Characteristics of a Problematic Hospice & POC Deficiencies

Characteristics of a Problematic Hospice & POC Deficiencies

Characteristics of a Problematic Hospice & POC Deficiencies

Prevention is the best medicine. Kathy Ahearn’s latest Hospice & Home Care Webinar Network webinar takes a deep dive into Hospice 201. Kathy covers problematic areas and compliance challenges for hospice agencies moving into 2022. Listed below, are four characteristics of problematic hospices and questions to ask yourself. Does your agency struggle in any of these areas?

4 Characteristics of Problematic Hospices

1. Large hospices and/or for-profit agencies tend to see an increase in burdensome transitions. As we move forward with the care continuum and provider networks, is your agency a positive or negative?

2. A high percentage of live discharges from day 61–179 could indicate that financial decisions are impacting the quality of care. Are your live discharges at or above the aggregated cap? Is there a trend? Or a trend to discharge at a rate change?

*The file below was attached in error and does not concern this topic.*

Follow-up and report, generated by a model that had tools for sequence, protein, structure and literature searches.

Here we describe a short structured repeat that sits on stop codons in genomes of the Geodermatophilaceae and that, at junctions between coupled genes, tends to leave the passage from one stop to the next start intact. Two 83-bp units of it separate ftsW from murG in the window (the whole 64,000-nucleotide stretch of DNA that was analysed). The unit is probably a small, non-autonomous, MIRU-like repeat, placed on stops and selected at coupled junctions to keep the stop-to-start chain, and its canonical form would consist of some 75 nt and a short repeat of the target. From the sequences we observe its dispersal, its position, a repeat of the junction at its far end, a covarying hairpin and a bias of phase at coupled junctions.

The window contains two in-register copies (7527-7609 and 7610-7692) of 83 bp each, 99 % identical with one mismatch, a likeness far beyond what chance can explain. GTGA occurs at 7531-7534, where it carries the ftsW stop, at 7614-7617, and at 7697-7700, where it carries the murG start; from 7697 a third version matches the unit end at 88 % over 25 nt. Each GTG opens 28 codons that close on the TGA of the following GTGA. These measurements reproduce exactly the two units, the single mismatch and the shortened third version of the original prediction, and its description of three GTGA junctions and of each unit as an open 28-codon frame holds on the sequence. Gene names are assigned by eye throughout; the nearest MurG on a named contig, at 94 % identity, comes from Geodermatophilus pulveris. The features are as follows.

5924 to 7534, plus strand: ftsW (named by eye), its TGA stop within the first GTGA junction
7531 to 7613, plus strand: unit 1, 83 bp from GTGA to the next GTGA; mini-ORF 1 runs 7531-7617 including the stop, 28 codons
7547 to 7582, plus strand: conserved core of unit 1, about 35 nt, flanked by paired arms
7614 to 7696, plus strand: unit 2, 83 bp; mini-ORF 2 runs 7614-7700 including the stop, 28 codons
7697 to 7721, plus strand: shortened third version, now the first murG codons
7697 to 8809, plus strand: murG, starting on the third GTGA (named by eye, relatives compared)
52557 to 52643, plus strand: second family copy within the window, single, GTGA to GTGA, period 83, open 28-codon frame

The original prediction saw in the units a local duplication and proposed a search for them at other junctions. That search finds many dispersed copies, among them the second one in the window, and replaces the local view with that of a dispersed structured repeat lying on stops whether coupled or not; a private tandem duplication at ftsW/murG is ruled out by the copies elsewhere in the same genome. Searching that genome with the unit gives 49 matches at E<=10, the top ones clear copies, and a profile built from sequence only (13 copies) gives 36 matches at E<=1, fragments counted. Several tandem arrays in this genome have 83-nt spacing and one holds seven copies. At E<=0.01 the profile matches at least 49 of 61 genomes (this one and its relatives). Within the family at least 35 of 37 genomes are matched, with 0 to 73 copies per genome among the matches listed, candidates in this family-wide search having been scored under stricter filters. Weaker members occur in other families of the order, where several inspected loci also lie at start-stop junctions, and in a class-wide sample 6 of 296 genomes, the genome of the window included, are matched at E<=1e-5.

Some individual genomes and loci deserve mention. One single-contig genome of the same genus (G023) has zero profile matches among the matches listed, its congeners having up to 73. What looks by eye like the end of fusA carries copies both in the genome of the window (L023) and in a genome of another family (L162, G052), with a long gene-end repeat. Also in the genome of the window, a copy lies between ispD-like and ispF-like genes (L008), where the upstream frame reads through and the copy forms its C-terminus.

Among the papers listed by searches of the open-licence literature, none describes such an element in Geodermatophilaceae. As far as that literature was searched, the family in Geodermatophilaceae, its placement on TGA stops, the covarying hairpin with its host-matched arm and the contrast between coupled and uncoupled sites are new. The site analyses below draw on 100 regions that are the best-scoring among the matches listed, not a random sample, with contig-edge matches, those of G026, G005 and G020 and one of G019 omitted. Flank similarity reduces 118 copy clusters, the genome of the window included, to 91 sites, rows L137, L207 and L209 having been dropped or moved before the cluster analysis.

3. Where do you fall in your PEPPER reports, below the 80th percentile? Are your management and supervisory staff aware of your results, monitoring your patients, and ongoing eligibility? What is your process? How do you benchmark?

4. A high percentage of revocations, no longer terminally ill, could indicate the patient may not have met Medicare benefit eligibility. What is your process for determining eligibility? Is it time to review your process?

Common Deficiencies Related to POC Implementation

Common deficiencies related to the plan of care (POC) implementation are another area your agency should pay attention to. The Centers for Medicare & Medicaid Services (CMS) analyzed 2019 hospice survey deficiency data at the Condition of Participation (CoP) for Interdisciplinary group, care planning, and coordination of services (42 CFR 418.56). They found:
  • OCs were not individualized
  • Hospice staff missed direct-care visits
  • Documentation of visits did not meet requirements, i.e., wound care
  • POCs were incomplete (for example, not inclusive of all needed services)
  • IDG meetings were inconsistent, with POCs not being updated

These are a few of the problematic areas that consultants, state associations, and surveyors commonly identify as continued challenges within the hospice industry. To learn more, check out Hospice 201: A Deep Dive into CMS & Payment Model Updates for CY2022, Compliance, Regulations & Targeted Probes.